Saturday, December 24, 2011

Old Nameless Motorcycle Philosopher

Today's post is a guest blog. Although the writer doesn't KNOW that he's filling in today. Its just that I could not say anything better on Christmas Eve than this Christmas card greeting.

Is there anything cuter than a two-year-child? On the cover is our little 2-year-old granddaughter, Ella Mae. (Tom & Molly's little girl) 
We are showing her because two-year-olds are just so darned cute. The other grandchildren are beautiful, high-achieving, well-mannered young people - and we love them dearly. But... they aren't two years old! (Although they were at one time.)
Accompanying this blue-eyed little darling is our new 6-month old kitty, named "Noodle." Patty calls him a "middle school" cat. (I wonder where she picked up that phrase?) He is called Noodle because at any given time he can become limp - as a noodle. He's playful - at times he's mischievous...but he's always loving. There are few things as relaxing as sitting back in your recliner, a fire in the fireplace, and a sleeping kitty purring on your lap.
Dr. Knutson had to put down our old 20 pound Josie because of a brain tumor. We found ourselves at the animal shelter a few days later and came home with Noodle.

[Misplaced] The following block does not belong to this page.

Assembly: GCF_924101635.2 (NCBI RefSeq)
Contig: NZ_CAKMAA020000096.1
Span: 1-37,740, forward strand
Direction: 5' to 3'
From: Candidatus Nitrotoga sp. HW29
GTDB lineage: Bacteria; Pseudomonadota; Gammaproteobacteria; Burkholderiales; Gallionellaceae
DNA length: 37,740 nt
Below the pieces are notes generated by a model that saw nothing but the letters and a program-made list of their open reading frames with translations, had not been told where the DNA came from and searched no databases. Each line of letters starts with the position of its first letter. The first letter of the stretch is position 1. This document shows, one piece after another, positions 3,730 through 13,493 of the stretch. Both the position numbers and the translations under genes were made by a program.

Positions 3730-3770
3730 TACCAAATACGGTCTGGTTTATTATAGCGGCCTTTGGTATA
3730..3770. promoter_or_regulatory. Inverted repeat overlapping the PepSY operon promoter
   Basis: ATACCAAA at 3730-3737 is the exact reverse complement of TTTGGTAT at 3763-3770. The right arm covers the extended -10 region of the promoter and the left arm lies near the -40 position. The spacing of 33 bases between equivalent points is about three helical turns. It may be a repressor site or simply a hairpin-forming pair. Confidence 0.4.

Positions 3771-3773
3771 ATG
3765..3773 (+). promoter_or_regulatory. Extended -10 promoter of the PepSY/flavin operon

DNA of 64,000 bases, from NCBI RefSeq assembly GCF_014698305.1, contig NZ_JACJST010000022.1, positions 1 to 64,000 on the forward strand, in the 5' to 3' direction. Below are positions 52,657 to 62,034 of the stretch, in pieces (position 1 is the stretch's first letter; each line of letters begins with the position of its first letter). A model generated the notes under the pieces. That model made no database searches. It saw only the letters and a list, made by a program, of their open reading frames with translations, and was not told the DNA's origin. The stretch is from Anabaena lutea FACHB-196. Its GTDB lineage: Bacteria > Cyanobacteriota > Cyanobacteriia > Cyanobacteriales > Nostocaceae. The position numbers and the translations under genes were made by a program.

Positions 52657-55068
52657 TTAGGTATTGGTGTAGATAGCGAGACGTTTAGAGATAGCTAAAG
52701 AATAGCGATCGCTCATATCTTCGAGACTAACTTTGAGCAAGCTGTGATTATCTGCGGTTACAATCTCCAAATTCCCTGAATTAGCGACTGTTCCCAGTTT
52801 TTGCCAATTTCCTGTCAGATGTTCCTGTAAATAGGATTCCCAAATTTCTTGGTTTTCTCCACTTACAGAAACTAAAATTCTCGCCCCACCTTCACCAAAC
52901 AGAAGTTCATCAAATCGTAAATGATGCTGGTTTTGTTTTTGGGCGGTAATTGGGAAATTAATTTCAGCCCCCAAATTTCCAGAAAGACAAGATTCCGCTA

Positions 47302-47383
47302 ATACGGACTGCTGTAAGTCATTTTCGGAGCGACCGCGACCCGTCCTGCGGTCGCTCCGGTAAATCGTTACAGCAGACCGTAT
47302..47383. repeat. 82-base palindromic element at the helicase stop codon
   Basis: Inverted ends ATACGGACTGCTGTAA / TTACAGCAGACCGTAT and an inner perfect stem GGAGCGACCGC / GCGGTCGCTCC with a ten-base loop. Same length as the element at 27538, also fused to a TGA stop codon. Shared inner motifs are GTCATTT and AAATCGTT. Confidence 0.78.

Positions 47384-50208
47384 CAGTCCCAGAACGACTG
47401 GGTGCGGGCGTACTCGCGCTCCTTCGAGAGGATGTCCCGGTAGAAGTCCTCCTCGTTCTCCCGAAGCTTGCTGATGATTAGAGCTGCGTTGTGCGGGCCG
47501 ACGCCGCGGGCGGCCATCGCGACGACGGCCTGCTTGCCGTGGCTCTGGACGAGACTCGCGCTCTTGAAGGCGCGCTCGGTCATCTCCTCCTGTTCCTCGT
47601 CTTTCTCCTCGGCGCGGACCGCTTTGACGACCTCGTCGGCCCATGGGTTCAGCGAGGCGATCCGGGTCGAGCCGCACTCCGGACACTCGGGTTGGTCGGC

I said to Patty on the way home, "Our old cat has just been gone just a few days and you already have a new cat." Jokingly I added, "If something happened to me, I bet you would take up with a new man right away!"
Patty casually replied, "Would people think it tacky if I brought him to the funeral?"
BAM! What a comeback! I wouldn't have it any other way. It's a wonderful life with a wonderful wife. We are blessed with a lovely family, good friends, few worries, and lots of love and laughter.
As an old nameless motorcycle philosopher once said, "Don't let a few bugs hitting your windshield spoil an otherwise wonderful ride." Take time to savor each and every precious moment on this big, beautiful blue marble in space. Try not to let the little stuff get you down.

The Old Nameless Motorcycle Philosopher just happens to be my Dad.

Saturday, December 17, 2011

A Cold Evening Walk

Tonight's view from the porch is a clear, starlit night. After dinner, I decided to take a walk. It wasn't too cold tonight, but I did walk briskly. It isn't often that it is not bitterly cold or too icy to walk around in the evening and enjoy the lights. Homes were glowing with Christmas lights inside and out. My walk takes me to the edge of town and I think Mother Nature's twinkling stars were as beautiful as any display I passed. It was quiet and I was ready for quiet after a very productive day of housework and holiday-work.

The week did not end the way I expected and some alone time for reflection was in order.

Since August, I've been helping to coordinate an evening meal for friends whose baby girl was in the NICU in Iowa City. She passed away earlier this week and I was honored to attend services for her yesterday. There's just no easy way through that. The pastor was amazing and said so many beautiful things when I wondered what one could say that would make any sense at all. I have never cried so deeply for someone I had never met.